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How to Work With Freelance Designers

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How to Work With Freelance Designers

By Rieva Lesonsky, Guest Blogger
Published: April 1, 2014 Updated: April 1, 2014

Small business owners often outsource to freelance designers to create their logos, marketing materials and more. While using online services where hundreds of designers bid on your project at the lowest possible price can have its place, there are times when you need an ongoing, personal relationship with a designer—someone you can work with over and over again and count on to deliver every time.

How can you develop this kind of working relationship? Here are some tips.

Start by choosing your designer wisely. Your local chamber of commerce, personal and business connections, other small business owners and social media networks are good places to look for designers. If you see a small business with a marketing piece, ad or signage that really stands out to you, contact the business owner and ask where he or she had it done. Good designers will have professional websites where you can check out their portfolios to see whether they’ve done projects similar to yours. Ideally, you want to look for a designer who is not only familiar with current design trends, but also has some experience in your industry and working with small businesses.

Make a shortlist of several options and contact them for more information about their services. Find out:

·         How does the designer charge? Some designers charge by the hour, others on a per-project basis. If the designer uses a standard contract, ask to see it. Check out factors such as how many revisions are included in the price, whether you will own all rights to the finished product (very important if the designer is creating your logo), and whether the designer charges a percentage of the fee even if you aren’t satisfied with the work.

·         Who will be working on your projects? Is this a one-person shop or does the designer have partners or employees? You might be impressed with one designer’s skills, only to find out a much junior person will be working on your projects. Does the designer outsource to other designers? This isn’t necessarily bad, but if the designer is outsourcing to the same type of online design services you were trying to avoid, there’s not much point to hiring him or her.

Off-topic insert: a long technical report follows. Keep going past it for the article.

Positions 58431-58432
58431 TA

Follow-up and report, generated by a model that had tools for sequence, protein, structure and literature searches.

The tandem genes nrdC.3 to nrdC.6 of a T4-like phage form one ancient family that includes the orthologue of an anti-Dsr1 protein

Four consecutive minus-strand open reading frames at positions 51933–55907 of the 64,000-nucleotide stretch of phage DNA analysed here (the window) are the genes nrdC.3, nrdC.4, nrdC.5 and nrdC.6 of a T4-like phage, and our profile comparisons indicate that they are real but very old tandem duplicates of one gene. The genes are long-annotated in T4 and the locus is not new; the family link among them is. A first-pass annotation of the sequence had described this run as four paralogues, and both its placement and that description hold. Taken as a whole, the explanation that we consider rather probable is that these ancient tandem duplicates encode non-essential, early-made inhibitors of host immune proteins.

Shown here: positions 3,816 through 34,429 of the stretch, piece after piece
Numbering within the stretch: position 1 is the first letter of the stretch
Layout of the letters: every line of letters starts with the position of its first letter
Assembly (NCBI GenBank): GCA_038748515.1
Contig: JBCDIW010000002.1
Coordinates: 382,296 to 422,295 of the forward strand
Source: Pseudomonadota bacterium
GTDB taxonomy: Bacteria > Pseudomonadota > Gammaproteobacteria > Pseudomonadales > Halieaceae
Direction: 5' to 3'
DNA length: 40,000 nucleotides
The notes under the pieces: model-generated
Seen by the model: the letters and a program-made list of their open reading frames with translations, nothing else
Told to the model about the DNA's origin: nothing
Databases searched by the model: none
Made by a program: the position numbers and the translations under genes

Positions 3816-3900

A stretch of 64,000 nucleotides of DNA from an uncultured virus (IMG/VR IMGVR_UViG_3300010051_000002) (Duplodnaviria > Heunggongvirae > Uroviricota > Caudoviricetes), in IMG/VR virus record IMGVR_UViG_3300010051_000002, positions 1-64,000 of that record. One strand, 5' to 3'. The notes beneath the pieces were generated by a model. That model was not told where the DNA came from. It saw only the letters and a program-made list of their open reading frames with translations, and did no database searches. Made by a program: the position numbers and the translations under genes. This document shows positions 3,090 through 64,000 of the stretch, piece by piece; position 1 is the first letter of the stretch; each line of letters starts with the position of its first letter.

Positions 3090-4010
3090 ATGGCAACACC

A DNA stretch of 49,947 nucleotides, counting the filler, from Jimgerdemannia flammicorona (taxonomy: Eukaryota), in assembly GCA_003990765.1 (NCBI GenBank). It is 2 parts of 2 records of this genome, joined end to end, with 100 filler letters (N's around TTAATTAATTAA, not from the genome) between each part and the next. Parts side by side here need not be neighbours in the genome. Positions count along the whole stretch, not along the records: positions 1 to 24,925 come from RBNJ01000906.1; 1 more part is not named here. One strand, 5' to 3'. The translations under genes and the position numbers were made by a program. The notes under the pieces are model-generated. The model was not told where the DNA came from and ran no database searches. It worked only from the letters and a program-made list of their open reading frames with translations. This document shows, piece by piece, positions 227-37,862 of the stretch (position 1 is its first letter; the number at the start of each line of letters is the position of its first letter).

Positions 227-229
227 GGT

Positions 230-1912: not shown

·         What other companies does the designer work for? Asking about clients will give you an idea not only of whether the designers is conversant with your industry, but also where you may fall in the pecking order. If a designer has lots of big clients, the reality is you may find your projects falling to the bottom of their priority list. Be sure to address this concern honestly.

·         Where is he or she located? Today, it’s possible to work well with designers across the country or even across the globe. However, communicating about design issues can be difficult for small business owners. It’s often easier to discuss visual issues in person, and if this is the case for you, you’ll want to choose a local designer who can come by your office.

Once you’ve selected the designer, keep the relationship happy and successful by:

·         Clearly communicating what you want. Find examples of the type of design you like and explain what you like about them—is it the color? The use of type faces? The graphics or photos?

·         Being open to suggestions. You hired a designer for his or her expertise, so use it. You don't have to accept designs you hate, but do give the designer a chance to explain the reason behind the design. Perhaps he or she will change your mind.

·         Limiting your requests for revisions. There’s nothing a designer hates more than umpteen emails asking to change this, that and the other. It’s OK to have a lot of input into the design, but instead of sharing every thought as it pops into your head, take some time to review the work, think about it and discuss all the changes you’d like at one time.

·         Setting clear expectations and deadlines. As with any working relationship, be sure you are clear about your standards. Using project management and scheduling tools like Zoho, Trello or Google Drive is a great way to ensure you have the latest versions of files all in one place so everyone can look at them and share their input.

About the Author:

Rieva Lesonsky

Guest Blogger